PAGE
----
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Tour bus overturns on wet Egyptian highway, killing 6 Australians, injuring at least 24 people - ASHARQ AL-AWSAT English Archive
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CAIRO, Egypt (AP) – A bus full of Australian tourists overturned on a wet highway overnight, killing six Australians and injuring at least 24 others, including one woman who was trying to help the casualties out of the wrecked bus, Egyptian and Australian officials said Wednesday.

“It was just awful,” witness Barbara Kennedy said of the accident that took place in rain Tuesday evening on the road to Alexandria about 46 kilometers (29 miles) north of Cairo.

The bus that crashed was one of a convoy of two carrying 80 police officers, emergency service workers and relatives from Victoria, Queensland and the Northern Territory. A nurse from Melbourne, Kennedy saw the accident from the second bus and tried to assist the injured.

“The first girl I came to … had passed away and the next person, he also was dead,” Kennedy told Australian Broadcasting Corp. radio.

An Egyptian security official said five Australian males and one female were killed and 26 people injured, 25 Australians and the Egyptian bus driver. An official in the prosecutor’s office said one of the dead was an eight-year-old boy.

A spokeswoman for the Australian Department of Foreign Affairs confirmed six Australians had died, and another 24 Australians were injured. The difference in injury tolls could not be immediately reconciled.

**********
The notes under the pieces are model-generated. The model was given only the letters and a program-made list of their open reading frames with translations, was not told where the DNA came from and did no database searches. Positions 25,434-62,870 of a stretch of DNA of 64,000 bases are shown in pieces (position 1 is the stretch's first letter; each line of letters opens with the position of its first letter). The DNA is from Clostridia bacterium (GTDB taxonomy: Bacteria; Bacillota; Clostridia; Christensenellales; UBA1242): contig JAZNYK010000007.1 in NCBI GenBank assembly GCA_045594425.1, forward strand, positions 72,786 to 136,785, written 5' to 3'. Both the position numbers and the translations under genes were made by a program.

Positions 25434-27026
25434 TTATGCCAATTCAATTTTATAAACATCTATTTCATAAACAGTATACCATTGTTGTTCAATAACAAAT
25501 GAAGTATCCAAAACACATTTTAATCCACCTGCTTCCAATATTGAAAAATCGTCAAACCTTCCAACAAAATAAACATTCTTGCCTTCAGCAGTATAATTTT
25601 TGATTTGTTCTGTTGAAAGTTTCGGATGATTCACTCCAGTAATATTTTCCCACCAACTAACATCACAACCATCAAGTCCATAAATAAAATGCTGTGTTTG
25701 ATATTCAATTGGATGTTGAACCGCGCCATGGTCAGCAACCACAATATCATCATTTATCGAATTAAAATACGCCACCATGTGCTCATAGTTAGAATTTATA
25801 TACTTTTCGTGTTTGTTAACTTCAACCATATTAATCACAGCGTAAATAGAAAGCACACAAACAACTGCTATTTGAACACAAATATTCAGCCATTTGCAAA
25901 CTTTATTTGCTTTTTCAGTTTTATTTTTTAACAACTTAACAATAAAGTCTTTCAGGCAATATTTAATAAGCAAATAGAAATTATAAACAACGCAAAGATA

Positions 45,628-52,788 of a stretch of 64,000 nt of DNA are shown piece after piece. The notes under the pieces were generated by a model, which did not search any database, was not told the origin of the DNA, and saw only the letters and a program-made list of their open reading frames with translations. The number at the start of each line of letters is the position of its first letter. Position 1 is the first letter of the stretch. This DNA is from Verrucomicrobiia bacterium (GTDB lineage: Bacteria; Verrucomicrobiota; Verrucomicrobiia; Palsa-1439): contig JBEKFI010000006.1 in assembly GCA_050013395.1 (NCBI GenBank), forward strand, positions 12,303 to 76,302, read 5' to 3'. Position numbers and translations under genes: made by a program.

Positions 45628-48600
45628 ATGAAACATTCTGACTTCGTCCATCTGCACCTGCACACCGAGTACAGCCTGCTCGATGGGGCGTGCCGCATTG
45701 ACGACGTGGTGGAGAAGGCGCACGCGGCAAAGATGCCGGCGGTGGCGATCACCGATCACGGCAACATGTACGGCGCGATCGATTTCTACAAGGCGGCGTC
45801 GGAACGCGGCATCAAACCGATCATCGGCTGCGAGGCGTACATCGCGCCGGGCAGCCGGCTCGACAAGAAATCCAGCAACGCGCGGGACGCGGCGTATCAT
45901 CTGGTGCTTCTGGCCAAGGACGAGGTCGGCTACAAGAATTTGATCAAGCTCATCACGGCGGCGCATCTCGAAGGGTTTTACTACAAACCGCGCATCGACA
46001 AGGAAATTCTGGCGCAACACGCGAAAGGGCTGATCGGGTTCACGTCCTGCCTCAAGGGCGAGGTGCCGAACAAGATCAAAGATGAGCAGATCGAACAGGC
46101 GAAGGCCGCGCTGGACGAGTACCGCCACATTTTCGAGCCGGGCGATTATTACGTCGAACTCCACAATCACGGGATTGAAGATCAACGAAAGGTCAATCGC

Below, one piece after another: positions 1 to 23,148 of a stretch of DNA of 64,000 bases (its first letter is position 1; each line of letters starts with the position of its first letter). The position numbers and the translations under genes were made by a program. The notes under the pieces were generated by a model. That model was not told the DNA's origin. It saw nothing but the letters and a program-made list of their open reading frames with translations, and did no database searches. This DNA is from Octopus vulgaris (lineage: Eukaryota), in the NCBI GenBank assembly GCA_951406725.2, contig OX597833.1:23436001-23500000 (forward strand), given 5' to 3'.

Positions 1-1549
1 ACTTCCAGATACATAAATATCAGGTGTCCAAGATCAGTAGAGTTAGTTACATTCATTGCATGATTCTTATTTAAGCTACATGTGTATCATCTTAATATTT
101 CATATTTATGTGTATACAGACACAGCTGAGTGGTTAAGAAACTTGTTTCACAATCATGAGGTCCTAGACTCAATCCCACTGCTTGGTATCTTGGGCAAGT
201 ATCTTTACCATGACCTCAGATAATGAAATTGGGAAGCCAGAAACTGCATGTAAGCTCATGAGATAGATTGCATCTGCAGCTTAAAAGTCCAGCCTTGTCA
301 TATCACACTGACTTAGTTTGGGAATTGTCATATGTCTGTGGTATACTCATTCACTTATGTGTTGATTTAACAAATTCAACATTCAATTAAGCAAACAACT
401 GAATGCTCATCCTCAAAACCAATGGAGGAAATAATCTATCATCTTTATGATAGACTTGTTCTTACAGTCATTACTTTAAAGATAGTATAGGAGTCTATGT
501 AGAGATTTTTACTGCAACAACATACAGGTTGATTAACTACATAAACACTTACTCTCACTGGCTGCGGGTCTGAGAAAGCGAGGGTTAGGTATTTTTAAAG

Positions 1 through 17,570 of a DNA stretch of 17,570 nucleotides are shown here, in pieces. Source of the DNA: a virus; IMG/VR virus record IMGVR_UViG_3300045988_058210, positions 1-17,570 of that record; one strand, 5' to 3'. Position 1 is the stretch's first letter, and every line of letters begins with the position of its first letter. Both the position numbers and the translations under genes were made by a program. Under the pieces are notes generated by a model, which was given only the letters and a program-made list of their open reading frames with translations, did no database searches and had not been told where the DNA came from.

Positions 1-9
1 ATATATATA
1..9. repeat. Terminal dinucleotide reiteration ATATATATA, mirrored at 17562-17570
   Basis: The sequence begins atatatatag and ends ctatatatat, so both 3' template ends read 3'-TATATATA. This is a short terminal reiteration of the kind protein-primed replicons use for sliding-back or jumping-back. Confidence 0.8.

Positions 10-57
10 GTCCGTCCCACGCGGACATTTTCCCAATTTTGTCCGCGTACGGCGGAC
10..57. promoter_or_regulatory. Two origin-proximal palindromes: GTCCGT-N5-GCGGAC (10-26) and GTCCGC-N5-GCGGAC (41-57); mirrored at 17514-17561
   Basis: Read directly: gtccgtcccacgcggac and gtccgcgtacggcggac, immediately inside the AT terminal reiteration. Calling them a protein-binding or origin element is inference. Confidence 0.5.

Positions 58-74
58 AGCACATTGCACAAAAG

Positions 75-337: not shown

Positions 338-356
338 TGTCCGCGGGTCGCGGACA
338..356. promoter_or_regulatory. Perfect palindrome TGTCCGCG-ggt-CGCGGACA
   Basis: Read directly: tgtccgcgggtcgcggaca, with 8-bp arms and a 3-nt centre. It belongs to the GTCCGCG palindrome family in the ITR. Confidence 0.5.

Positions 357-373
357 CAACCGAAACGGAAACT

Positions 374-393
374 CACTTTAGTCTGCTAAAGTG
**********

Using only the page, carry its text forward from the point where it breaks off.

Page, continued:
Speaking in a phone call from Canberra, the spokeswoman said several casualties had been admitted to hospital in serious condition.

All officials spoke on condition of anonymity, the Egyptians because they were not authorized to speak to the press, and the Australian because of government rules.

The Egyptian official blamed the accident on bad weather. However, in Australia, Acting Commissioner Bruce Wernham of the Northern Territory police said he had heard the bus swerved to avoid a car that was “dangerously overtaking.”

Egyptian officials did not confirm this. Wernham said three Northern Territory police women were on the second bus and tried to attend to “some pretty horrific injuries.”

“Unfortunately, while they were attempting to go to the aid of their colleagues, one of our members received some injuries … when the roof of the bus collapsed,” Wernham told the Australian Associated Press.

The police woman had been admitted to hospital with a dislocated hip and fractured pelvis, he added.

Australian Foreign Minister Alexander Downer told reporters in Sydney: “There’s been a very serious accident in Egypt in which a number of Australians have been involved.”

Downer said the Australian ambassador had gone to the scene to assist.

Road accidents are common in Egypt owing to bad roads and poor enforcement of traffic laws. Police estimate road accidents kill about 6,000 people annually.

Asharq Al-Awsat

Asharq Al-Awsat

Asharq Al-Awsat is the world’s premier pan-Arab daily newspaper, printed simultaneously each day on four continents in 14 cities. Launched in London in 1978, Asharq Al-Awsat has established itself as the decisive publication on pan-Arab and international affairs, offering its readers in-depth analysis and exclusive editorials, as well as the most comprehensive coverage of the entire Arab world.

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